Building greener roads for Kingston

Building greener roads for Kingston
Building greener roads for Kingston

15 Kingston streets have been given a new lease of life using quality materials recycled from residents’ wheelie bins.

Kingston City Council engaged Alex Fraser to repair and repave roads throughout Clayton South, Waterways, Mordialloc, Braeside and Moorabbin using Green Roads construction materials.

Kingston CEO John Nevins said Council’s key priority was ensuring all the contents of the community’s recycling bins were being sent for recycling.

“Kingston residents can continue to sort their recycling with confidence, knowing they are helping to avoid landfill and create new recycled products,” Mr Nevins said.

A significant proportion of the materials used to complete the works was locally sourced and recycled – amounting to 3750 wheelie bins full of waste. Alex Fraser collects glass that cannot normally be recycled and converts it into high quality road building products. The products replace quarried materials which are increasingly difficult to source. The amount of recycled glass sand incorporated into the asphalt was equivalent to 105,000 glass bottles.

Alex Fraser Managing Director Peter Murphy said finding markets for recycled products was the key to solving the current recycling problems in Australia.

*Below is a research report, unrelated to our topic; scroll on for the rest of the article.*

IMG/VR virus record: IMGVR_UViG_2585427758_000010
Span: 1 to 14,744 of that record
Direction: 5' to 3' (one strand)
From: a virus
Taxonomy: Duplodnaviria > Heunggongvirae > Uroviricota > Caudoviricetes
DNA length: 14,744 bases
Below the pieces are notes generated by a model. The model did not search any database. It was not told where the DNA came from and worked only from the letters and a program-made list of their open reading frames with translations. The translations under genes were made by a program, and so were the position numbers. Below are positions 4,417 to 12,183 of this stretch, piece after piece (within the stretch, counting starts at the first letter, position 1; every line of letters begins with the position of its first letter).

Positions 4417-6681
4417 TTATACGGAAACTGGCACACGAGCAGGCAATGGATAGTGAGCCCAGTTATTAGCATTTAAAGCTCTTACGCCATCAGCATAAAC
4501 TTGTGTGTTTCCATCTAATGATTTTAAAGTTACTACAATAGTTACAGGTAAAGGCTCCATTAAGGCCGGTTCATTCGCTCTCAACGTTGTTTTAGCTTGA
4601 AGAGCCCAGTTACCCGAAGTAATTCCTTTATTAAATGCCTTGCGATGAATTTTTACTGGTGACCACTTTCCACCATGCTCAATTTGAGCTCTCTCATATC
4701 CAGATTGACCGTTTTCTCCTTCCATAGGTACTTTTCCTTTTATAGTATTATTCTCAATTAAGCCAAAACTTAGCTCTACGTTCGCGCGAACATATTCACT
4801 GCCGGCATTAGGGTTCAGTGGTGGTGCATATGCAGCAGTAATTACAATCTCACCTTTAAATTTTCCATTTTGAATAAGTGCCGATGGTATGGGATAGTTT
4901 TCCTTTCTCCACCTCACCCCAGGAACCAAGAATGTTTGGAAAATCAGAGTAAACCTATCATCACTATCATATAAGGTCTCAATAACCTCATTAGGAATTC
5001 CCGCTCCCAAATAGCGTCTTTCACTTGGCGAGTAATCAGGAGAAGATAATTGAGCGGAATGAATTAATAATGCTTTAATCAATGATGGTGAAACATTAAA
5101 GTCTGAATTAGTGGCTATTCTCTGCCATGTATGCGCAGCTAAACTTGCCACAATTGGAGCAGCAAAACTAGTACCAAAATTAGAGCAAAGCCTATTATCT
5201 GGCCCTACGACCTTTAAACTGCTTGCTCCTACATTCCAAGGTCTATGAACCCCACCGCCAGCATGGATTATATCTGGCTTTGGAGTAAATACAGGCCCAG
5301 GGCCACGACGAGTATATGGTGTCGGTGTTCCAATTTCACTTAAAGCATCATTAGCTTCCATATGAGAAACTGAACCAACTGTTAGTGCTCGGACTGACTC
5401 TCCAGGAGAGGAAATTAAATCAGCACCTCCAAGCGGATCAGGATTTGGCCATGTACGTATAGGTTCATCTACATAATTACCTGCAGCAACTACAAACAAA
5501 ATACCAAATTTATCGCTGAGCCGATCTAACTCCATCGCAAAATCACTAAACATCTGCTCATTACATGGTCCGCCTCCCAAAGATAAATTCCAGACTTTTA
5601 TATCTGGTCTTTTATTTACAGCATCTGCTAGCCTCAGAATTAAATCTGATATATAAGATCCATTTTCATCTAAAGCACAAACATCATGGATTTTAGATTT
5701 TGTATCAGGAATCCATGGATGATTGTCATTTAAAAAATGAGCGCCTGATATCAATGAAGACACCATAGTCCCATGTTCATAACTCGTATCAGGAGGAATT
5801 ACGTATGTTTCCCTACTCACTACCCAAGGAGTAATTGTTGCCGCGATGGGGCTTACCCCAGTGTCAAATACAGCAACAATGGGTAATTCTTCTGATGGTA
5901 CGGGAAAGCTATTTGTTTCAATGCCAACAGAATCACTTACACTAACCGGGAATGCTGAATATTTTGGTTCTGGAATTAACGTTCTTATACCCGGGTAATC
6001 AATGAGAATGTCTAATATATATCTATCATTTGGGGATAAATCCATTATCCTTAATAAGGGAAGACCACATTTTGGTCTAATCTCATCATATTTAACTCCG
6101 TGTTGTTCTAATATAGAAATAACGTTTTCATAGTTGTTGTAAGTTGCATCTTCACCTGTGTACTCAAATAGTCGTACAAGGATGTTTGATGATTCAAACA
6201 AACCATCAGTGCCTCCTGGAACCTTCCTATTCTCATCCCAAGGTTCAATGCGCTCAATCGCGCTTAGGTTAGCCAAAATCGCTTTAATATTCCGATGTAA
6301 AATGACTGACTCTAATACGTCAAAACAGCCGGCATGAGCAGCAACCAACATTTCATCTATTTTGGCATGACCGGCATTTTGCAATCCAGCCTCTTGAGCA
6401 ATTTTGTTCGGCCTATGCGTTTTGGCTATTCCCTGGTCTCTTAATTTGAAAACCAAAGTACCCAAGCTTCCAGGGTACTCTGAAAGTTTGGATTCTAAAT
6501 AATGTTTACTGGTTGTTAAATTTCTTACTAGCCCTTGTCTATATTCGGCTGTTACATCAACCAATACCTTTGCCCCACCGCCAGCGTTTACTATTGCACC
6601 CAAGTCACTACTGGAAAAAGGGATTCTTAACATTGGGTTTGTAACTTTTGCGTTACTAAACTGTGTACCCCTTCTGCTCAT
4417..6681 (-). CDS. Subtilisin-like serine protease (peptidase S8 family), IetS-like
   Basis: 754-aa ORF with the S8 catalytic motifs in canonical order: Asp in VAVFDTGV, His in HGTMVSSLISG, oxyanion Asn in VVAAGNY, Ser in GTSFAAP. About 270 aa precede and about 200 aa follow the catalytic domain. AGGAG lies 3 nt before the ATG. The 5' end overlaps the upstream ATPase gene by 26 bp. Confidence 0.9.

Green Roads truck transports recycled materials to build and maintain roads in the city of kingston.

Green Roads crew transporting recycled materials used to repair and repave the city of Kingston.

“If local governments want people to keep recycling, they have to also be involved in the market for recycled products. This project is an excellent illustration of how local councils can proactively support their own kerbside recycling program and achieve high-quality assets for their community at competitive cost.

“Alex Fraser paving crews are well known for quality workmanship, and our recycled products reduce the carbon footprint of new infrastructure,” said Mr Murphy.

Alex Fraser has been part of the Kingston community for more than a decade; responsible for recycling around one million tonnes of locally sourced waste, each year – that’s enough to overflow the MCG. Our Clarinda recycling facility has produced more than 5.4 million tonnes of sustainable construction material; used to develop greener infrastructure throughout Kingston and the south-west, including the Dingley Bypass and East Link.

Councils and asset owners who choose to use Green Roads materials can reduce the carbon footprint of their projects by 65 per cent. Due to the unique density savings they can markedly reduce the cost of projects as well as the number of trucks required to deliver materials, decreasing traffic associated with development.

“By actively supporting local recycling, Kingston council has redeveloped its roads to the highest specification at a very competitive cost while supporting kerbside collection programs,” Mr Murphy said.

The high quality works were completed on June 30, in accordance with VicRoads 407 specifications.

 

By choosing Green Roads materials Kingston City Council reduced:

  • landfill by 300 tonnes
  • carbon emissions by 2,807 kilograms
  • extraction of natural resources by 327 tonnes

For more information on recycling and green roads throughout Victoria and Queensland visit our projects scetion.

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